Capturing the energy locked up in the vast amounts of material that we throw away each day must surely be central to any nation’s energy future. But, as with so many simple solutions to complex problems, the use of energy recovery technology to capture the energy from waste that cannot be recycled is not without its challenges.
Historically the main treatment route for waste in the UK has been landfill, primarily due to the availability of suitable sites created by past mineral extraction. As a result, the UK has historically lagged behind other parts of Europe in its drive to develop and exploit alternative, less environmentally polluting waste management routes.
The process of disposing of waste by incineration has been around since Albert Fryer’s first patented design for the waste “destructor” was constructed in Nottingham in 1874. This new technology was hailed in terms of its ability to manage a growing toxic urban waste problem while also generating vital steam power needed to drive the industrial revolution.
This success meant that the idea quickly spread with similar plants constructed up and down the country. By the early twentieth century, many large towns had their own destructor, which were subsequently renamed incinerators. These were primarily used for waste disposal, with a focus on volume reduction only, as an alternative to landfill. These plants often suffered with incomplete combustion and uncontrolled emissions, with little or no material or energy recovery.
H2: Embracing the new power of energy from waste
The development of energy-from-waste (EfW), energy recovery (ERF) or waste-to-energy (WtE) facilities continued throughout the twentieth century. This energy “recovery” is a step up from disposal, as it involves generating electricity (and, in the case of combined cycle systems, heat) from the combustion of waste.
These facilities are often confused with incinerators and have never really been well received by the public, particularly after it was discovered in the 1960s and 1970s that toxic dioxins were being emitted unchecked from many of these older incinerators.
The regulatory trajectory of the 1990s has ultimately seen the development of sophisticated emissions control systems and the robust regulatory environment that now exists. Thankfully, many of the older facilities closed over that period, but their legacy lives on in the hearts and minds of the public, hindering the adoption of new cleaner technology.
H2: Cleaner tech to meet the climate change challenge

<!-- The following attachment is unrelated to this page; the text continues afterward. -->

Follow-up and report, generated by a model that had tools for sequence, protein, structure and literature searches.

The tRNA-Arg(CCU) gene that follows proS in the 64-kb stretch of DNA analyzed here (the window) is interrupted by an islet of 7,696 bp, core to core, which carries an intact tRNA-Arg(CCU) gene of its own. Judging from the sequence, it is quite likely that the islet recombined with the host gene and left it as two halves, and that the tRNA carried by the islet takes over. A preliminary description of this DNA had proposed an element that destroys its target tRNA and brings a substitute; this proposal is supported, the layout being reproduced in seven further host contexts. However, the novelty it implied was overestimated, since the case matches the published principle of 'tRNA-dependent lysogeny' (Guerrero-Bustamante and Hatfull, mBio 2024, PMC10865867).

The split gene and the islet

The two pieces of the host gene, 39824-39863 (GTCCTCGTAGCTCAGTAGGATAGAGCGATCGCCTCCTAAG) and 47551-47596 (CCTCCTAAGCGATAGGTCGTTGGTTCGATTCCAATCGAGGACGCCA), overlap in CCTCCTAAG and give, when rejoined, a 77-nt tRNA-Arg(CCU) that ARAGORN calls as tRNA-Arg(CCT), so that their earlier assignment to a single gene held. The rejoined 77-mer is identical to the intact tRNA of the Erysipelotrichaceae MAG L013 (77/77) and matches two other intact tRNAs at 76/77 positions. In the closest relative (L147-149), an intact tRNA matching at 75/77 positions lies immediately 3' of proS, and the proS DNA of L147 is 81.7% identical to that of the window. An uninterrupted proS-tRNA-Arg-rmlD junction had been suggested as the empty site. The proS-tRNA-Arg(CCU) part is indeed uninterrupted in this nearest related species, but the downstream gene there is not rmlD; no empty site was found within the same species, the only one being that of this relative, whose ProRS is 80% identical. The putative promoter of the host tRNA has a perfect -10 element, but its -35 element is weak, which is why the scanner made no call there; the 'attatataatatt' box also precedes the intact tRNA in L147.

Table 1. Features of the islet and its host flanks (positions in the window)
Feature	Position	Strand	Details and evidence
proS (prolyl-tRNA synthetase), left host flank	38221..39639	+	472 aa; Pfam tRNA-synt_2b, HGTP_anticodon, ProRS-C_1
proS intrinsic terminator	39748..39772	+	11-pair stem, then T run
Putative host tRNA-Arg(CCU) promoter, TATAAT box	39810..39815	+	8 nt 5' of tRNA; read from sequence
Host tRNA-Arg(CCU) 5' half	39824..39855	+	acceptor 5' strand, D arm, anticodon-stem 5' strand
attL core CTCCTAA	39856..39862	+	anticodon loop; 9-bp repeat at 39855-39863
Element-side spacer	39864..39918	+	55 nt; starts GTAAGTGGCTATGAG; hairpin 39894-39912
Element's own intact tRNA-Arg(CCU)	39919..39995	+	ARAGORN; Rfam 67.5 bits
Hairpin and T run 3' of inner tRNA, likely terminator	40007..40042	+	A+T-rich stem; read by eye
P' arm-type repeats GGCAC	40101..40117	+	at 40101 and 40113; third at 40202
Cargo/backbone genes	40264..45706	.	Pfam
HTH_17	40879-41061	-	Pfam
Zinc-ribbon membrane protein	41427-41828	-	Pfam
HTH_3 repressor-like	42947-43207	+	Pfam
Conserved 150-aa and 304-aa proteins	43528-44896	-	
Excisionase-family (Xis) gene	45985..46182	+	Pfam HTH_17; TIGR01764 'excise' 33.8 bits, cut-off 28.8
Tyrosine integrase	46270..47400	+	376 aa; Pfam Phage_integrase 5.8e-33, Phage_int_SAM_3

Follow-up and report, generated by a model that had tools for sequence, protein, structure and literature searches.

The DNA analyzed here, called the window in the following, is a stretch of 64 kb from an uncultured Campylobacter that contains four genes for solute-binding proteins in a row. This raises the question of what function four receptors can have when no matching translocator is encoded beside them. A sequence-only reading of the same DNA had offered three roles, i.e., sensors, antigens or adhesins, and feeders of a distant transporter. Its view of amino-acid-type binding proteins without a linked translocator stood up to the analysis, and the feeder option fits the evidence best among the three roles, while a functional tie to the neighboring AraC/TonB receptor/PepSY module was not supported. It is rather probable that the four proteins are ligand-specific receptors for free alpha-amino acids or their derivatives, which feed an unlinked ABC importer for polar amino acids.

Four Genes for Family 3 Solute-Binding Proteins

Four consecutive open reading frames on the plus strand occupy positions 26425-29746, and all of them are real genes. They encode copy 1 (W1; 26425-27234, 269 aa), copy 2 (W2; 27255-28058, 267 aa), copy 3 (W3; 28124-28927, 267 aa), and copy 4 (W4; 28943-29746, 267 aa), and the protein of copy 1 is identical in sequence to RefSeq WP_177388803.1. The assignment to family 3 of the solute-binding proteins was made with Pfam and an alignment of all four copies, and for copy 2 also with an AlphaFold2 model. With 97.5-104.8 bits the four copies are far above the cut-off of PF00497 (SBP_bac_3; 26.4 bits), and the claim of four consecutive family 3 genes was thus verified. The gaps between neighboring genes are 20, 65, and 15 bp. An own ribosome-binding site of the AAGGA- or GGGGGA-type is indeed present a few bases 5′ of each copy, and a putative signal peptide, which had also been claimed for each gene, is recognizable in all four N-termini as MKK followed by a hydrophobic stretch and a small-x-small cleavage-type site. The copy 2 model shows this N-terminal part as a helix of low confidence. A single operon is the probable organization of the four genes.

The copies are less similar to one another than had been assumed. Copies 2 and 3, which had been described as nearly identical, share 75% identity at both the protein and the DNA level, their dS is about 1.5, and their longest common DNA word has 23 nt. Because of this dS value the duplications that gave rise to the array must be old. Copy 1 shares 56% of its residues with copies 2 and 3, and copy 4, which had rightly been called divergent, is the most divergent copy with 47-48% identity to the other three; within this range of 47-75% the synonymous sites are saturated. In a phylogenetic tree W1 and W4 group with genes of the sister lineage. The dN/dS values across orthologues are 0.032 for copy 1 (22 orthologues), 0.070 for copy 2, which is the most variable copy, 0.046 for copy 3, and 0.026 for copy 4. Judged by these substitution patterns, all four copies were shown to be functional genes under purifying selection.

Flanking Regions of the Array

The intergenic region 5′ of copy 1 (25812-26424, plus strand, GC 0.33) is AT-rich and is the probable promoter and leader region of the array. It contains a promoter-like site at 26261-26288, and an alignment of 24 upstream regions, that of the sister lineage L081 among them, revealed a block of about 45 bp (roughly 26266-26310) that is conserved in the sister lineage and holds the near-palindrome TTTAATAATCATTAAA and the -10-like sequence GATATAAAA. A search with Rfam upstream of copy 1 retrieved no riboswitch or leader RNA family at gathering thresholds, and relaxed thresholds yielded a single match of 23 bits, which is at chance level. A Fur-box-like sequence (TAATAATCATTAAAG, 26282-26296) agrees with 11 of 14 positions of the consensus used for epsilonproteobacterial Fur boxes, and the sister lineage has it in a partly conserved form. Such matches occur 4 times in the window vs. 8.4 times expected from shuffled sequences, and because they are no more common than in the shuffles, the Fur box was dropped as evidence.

A greater recognition of the potential impact of waste management on climate change in the mid-1990s, principally caused by disposal of waste to landfill, prompted new EU targets for the diversion of biodegradable waste from landfill and the Landfill Tax escalator was born. This has increased year on year, and the charge to dispose of waste into the ground will be £98.60 per tonne from April 2022.
This tax helped drive the development of a new generation of EfW plants that included energy and heat generation in addition to waste management as a key part of their function and business model.
Today, all waste plants using thermal treatment must meet stringent emissions limits, monitoring, waste reception and treatment standards brought in under the Waste Incineration Directive (2000/76/EC), later recast into the Industrial Emissions Directive (2010/75/EU).
H2: The drive towards cleaner energy from waste
For all the effort to embrace a circular economy in which resources are reused and recycled for as long as possible, the amount of unrecyclable waste remains high in the UK. EfW facilities can play an important role in the waste management process by diverting this unrecyclable waste from landfill and turning it in to a useable energy source, not least as the global energy market weans itself off fossil fuels.
In 2020, there were some 55 operational EfW plants in the UK. Despite the technology being highly regulated because of past health concerns, the plants are still seen by the public as bad for air quality, including through the release of dioxins, NOx and ultrafine particulates. The delivery challenge is therefore as much one of communication as it is technology.
For example, and to put dioxin emissions from EfW into context, the Environment Agency has pointed out that the emissions from London's one-minute-long millennium firework display equalled 120 years’ worth of dioxin emissions from the South East London Combined Heat and Power plant, an advanced EfW facility. There have been a number of studies undertaken in recent years which have demonstrated that there is no or negligible health effects on local populations. Public Health England can be quoted as concluding that “any potential damage to the health of those living close by is likely to be very small, if detectable.”
This highlights how operators of modern facilities have made huge investments in advanced emissions abatement technology, developing large-scale facilities, capable of processing approximately 14 million tonnes of UK waste per annum in the UK. These developments have been predicated on large municipal and commercial waste contracts underpinning the funding of their construction, often in excess of £300 million.
Read more: Winning the war on plastic – can an industrial development site on the Manchester Ship Canal hold the key to drastically reducing the UK’s plastic waste problem?